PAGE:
A two--dimensional boundary integral equation model with the mixed Eulerian-Lagrangian approach was presented to solve the problem of water wave generation, propagation, and run-up. A composite uniform cubic B-spline curve fitting technique was applied on the free surface with the Lagrangian approach. The accuracy of the free surface computation was up to O(Delta t^2). A modified Sommerfeld-type radiation boundary condition was presented to reduce the computational domain. The radiation boundary was tested by using solitary waves and non--permanent monochromatic wave trains with kh = 0.28 to 1.31. Very good results were obtained for wave height H / h < 0.4. The effect of bottom friction was considered via the boundary layer approximation. Numerical results showed that bottom friction reduces wave heights by a maximum of 2.5% for the long waves with kh = 0.28.
A numerical wave tank was proposed to study the the evolution of monochromatic wave trains in shallow and intermediate water depth. Experiments were conducted to compare with the numerical results. The good agreement shows that the potential theory is valid in this region. The results also verified the conclusion in Madsen et al. (1970) which states that there will be a region of cnoidal waves. The importance of the Ursell number was also confirmed.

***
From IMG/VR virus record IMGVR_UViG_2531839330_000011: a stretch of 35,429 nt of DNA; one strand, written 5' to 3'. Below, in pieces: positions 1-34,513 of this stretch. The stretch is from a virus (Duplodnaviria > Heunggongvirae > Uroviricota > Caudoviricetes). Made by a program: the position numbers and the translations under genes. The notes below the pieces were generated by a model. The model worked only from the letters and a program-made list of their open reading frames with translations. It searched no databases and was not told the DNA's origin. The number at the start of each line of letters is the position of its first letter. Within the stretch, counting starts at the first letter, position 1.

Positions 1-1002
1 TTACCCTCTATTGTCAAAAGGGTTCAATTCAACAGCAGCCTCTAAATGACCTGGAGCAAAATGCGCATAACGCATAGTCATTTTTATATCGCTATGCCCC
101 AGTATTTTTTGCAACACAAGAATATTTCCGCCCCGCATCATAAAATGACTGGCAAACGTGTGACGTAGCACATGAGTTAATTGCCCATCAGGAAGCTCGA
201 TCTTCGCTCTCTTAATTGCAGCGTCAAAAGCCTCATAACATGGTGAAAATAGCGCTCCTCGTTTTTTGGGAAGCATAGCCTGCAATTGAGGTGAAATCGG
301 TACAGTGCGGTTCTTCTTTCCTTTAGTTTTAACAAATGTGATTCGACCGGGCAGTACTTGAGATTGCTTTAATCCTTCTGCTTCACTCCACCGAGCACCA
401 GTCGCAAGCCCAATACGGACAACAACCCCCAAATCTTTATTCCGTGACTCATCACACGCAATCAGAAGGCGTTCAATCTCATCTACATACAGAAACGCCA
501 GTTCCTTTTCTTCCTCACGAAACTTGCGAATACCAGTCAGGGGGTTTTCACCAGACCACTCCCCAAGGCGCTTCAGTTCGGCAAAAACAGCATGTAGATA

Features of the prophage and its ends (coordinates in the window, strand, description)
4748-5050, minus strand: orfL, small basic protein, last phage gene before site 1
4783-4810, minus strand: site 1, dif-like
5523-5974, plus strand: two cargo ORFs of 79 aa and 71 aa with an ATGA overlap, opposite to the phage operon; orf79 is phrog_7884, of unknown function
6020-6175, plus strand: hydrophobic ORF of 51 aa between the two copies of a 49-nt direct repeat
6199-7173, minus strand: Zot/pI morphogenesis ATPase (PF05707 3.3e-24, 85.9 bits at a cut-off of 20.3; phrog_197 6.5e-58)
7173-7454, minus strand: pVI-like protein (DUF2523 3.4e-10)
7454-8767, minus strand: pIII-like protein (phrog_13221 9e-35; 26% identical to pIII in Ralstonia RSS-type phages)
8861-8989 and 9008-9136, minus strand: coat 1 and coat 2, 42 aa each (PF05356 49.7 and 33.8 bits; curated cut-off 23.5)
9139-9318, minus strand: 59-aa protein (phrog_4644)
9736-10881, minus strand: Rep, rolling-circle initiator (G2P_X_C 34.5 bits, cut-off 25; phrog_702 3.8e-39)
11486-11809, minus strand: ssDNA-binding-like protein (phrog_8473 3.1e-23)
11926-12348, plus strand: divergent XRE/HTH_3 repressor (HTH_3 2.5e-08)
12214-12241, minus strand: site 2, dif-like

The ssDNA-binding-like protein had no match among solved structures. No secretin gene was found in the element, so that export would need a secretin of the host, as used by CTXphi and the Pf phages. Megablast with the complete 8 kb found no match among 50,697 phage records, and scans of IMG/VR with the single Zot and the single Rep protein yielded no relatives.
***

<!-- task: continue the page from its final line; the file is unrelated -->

Waves generated by submarine landslides were studied by assuming the landslides are incompressible viscous fluids. The viscous flow was solved by using the implicit finite-difference method. The governing equations derived from long-wave approximation show that the term coupling water waves and landslide motion is very small and of O(epsilon). The landslide generated waves have an initial shape similar to an N wave with a crest moving in the off-shore direction. The run-up height is much smaller than the run--down height. The 1975 Kitimat submarine landslides were simulated and reasonable results were obtained. The results of the large scale landslides having large Reynolds numbers show that the viscosity of the slide was not an important factor in affecting the slide motion; the dominant factor of the slide property is the density of the slide.